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I have an object that is orbit around a point mass in a 2D environment with a known speed, radius and zenith. I calculate the following orbital parameters as such and can confirm that these values are correct (where $R_{p}$ is the periapsis, $R_{a}$ is the apoapsis, $e$ is the eccentricity, $a$ is the semimajor axis, $r$ is the radius, $v$ is the velocity and $GM$ is the product of the mass of the point mass and the gravitational constant):

$C = \frac{2GM}{rv^{2}}$

$R_{p} = r \times \frac{-C+\sqrt{C^{2}-4(1-C)(-\sin^{2}(1-C))}}{2(1-C)}$

$R_{a} = r \times \frac{-C-\sqrt{C^{2}-4(1-C)(-\sin^{2}(1-C))}}{2(1-C)}$

$e = \left | \frac{R_{a} - R_{p}}{R_{a} + R_{p}} \right |$

$a = \frac{R_{a} + R_{p}}{2}$

I then go on to attempt to calculate the true anomaly of the orbit as follows (where $z$ is the zenith and $\theta$ is the true anomaly):

$N = \frac{rv^{2}}{GM}$

$\theta = \tan^{-1} \frac{N\sin z \cos z}{(N\sin^{2} z)-1}$

This is calculates a correct value as long as the radius is greater than a value slightly less than the semiminor axis of the orbit. Adding pi to the true anomaly corrects this error, except where the radius is close in value to the length of the semiminor axis.

Why is the true anomaly off by ~pi in this case?

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    $\begingroup$ I really have no experience with Python, but the first thing I'd check is the expression sin(a)**b. You've not made this explicit and you're not really consistent with parentheses. Does this evaluate as (sin(a))**b or sin(a**b)? $\endgroup$ – Kvothe Apr 10 '14 at 20:59
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    $\begingroup$ You'll probably have a better reception at the compsci.stackexchange, too. $\endgroup$ – Kvothe Apr 10 '14 at 21:00
  • $\begingroup$ @Kvothe: functions in Python always require parentheses. This means that it can only be interpreted as (sin(a))**b. $\endgroup$ – Javier Apr 10 '14 at 21:09
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As indicated in the comments, this is probably a question for Computational Science. But I will try to answer your question in such a manner that it may be on-topic enough to stay here.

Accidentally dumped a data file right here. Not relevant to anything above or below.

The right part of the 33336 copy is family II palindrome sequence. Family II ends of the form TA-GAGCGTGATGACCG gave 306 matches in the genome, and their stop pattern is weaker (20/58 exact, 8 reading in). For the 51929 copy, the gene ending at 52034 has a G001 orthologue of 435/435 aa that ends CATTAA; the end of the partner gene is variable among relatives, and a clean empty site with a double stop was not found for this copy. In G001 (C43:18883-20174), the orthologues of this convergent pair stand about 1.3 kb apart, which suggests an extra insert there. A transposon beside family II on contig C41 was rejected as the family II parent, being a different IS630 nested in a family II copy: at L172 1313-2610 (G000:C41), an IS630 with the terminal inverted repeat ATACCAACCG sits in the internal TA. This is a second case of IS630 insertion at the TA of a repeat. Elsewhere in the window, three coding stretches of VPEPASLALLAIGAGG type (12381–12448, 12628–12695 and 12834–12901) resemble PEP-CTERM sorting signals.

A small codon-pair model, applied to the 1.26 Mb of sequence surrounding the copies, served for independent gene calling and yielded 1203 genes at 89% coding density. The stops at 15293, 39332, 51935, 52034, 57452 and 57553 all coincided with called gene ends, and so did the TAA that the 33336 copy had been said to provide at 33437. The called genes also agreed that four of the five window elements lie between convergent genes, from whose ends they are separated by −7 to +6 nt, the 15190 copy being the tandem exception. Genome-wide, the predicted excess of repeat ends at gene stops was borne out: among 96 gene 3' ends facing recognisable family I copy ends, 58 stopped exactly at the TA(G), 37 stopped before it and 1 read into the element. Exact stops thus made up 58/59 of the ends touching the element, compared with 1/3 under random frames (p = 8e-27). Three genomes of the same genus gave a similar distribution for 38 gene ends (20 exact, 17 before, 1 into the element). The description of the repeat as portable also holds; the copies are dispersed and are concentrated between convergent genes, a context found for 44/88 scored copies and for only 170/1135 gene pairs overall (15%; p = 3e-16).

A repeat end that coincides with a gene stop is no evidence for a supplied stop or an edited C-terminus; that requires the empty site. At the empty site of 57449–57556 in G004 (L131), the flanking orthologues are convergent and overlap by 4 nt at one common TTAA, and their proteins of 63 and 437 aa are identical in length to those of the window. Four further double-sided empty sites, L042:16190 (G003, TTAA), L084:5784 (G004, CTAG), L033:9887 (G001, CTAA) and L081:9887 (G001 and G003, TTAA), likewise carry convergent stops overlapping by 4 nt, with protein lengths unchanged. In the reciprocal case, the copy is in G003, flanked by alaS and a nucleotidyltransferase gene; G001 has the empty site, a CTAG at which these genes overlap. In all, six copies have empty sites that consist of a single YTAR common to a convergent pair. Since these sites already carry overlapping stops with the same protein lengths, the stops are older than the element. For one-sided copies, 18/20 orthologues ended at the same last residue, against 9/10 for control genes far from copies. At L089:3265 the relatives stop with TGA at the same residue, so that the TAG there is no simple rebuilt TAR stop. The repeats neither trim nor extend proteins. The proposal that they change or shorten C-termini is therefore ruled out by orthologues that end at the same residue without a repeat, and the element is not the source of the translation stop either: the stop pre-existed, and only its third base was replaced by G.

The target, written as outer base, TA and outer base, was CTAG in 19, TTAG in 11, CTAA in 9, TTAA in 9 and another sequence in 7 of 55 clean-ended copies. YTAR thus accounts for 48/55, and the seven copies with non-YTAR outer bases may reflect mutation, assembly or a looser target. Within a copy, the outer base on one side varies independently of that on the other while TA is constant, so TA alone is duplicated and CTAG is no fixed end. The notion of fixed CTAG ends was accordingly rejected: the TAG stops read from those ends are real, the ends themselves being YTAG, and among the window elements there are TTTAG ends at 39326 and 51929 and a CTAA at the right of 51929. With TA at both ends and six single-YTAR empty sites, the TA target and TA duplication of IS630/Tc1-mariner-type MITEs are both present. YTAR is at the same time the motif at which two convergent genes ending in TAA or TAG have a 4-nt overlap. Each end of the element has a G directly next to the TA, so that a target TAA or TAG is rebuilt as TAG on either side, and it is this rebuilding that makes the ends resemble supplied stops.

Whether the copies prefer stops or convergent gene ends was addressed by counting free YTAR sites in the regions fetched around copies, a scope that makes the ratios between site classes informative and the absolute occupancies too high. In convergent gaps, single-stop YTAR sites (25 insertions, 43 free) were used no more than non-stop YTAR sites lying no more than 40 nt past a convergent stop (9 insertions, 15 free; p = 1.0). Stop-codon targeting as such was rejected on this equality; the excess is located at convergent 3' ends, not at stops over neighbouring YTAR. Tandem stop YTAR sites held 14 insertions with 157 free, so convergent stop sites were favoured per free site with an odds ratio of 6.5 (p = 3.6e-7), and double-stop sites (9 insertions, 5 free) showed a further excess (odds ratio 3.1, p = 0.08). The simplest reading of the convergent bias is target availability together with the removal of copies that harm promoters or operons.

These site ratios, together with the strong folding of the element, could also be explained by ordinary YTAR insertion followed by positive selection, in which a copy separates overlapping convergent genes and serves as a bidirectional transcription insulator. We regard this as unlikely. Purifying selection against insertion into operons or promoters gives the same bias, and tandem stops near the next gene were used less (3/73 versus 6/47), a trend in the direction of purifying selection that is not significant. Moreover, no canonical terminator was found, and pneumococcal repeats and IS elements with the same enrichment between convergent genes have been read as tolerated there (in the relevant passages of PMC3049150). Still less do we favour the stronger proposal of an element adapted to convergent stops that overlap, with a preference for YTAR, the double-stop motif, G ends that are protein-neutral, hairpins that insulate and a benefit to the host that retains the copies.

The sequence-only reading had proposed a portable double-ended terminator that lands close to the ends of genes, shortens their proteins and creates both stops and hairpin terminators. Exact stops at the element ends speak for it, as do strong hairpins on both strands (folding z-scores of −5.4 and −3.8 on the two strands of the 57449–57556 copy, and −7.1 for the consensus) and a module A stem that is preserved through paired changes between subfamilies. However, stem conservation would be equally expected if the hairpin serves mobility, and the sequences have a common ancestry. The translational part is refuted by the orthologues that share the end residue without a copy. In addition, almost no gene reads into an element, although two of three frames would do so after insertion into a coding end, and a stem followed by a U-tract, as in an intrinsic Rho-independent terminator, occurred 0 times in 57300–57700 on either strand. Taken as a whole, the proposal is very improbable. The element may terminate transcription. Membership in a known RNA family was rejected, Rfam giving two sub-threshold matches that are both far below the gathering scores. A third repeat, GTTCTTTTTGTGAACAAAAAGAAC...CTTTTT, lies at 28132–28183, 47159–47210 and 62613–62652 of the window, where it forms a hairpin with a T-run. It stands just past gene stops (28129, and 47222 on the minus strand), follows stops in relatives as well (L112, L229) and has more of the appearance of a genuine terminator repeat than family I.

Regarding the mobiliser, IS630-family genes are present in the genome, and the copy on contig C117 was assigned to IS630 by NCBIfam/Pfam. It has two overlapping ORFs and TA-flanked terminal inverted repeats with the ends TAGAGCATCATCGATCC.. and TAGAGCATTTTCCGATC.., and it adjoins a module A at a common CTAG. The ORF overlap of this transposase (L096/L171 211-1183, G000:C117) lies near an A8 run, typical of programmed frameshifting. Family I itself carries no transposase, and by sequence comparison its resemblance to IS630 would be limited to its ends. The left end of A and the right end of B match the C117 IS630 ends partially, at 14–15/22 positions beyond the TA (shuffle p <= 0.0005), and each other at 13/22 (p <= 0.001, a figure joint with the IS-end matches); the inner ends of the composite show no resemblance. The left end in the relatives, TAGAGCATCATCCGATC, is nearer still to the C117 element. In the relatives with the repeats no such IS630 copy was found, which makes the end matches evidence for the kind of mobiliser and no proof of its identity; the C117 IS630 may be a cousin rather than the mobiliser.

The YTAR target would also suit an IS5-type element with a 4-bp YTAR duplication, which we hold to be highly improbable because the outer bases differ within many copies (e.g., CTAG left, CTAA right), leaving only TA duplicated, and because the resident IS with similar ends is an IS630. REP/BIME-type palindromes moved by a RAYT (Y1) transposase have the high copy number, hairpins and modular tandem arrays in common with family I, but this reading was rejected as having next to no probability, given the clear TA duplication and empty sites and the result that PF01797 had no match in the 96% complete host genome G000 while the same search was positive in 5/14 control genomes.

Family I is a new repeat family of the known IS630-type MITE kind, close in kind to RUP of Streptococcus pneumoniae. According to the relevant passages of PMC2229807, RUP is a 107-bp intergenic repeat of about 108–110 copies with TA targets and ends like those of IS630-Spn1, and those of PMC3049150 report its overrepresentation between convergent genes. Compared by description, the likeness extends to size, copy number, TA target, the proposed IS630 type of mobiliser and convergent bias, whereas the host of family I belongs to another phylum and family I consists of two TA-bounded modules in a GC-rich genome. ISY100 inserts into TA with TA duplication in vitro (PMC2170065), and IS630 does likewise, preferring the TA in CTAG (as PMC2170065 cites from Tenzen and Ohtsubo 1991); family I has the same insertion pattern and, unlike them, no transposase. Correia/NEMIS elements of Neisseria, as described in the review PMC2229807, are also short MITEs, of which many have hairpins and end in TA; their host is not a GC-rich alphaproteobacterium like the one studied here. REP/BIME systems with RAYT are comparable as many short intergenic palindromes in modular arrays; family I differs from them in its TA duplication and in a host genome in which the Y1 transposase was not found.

I think you can solve this by using Python's atan2(y,x) function, rather than defining $z = y/x$ and using atan(z).

Let me address this concern first:

...except where the radius is close in value to the length of the semiminor axis.

To see what happens when $a$ and $r$ are close in value, let me set them equal to each other. Then plug in the expressions for $R_{p,a}$ into the expression for $a$. That gives $2(C-1)r = r \Rightarrow C = 3/2$.

Also note, from $C = \frac{2GM}{rv^2}$ and $N = \frac{rv^2}{GM}$, that $N = 2/C$ is true regardless of the value of $r$. In the case of $r = a$, this becomes $N = 4/3$.

Plug $N = 4/3$ into your expression for $\theta$. This gives $\theta = \tan^{-1}(\frac{4/3\sin{z}\cos{z}}{(4/3\sin^2{z}) - 1})$. Note that if $z = \pi/3 = 60^\circ$, then the denominator is zero. Mathematically, that's okay, because $\tan^{-1}{\infty}$ is perfectly well-defined. But I think you may be inadvertently dividing by a very small number, and that's making your $\tan^{-1}$ give you unpredictable results. If you're running into machine precision issues, then trying to fix things by adding or subtracting $\pi$ won't help.

The other issue I think you're having is related. If $r$ changes by a bit, then that $4/3$ constant in the denominator of your $\tan^{-1}$ changes, which might change the sign of the expression. If it changes sign, $\tan^{-1}$ might be giving you a value for $\theta$ that's not in the quadrant you expect it to be in. If that happens, it will be off by $\pi$.

If I'm correct about both of those, then atan2 should fix them both. You call atan2 with both the numerator and the denominator, so it has the sign information for both, and knows which quadrant you want. And I think it does a better job of handling values of x close to zero (the folks at Comp Sci would definitely be able to give you a better answer about that than I can).

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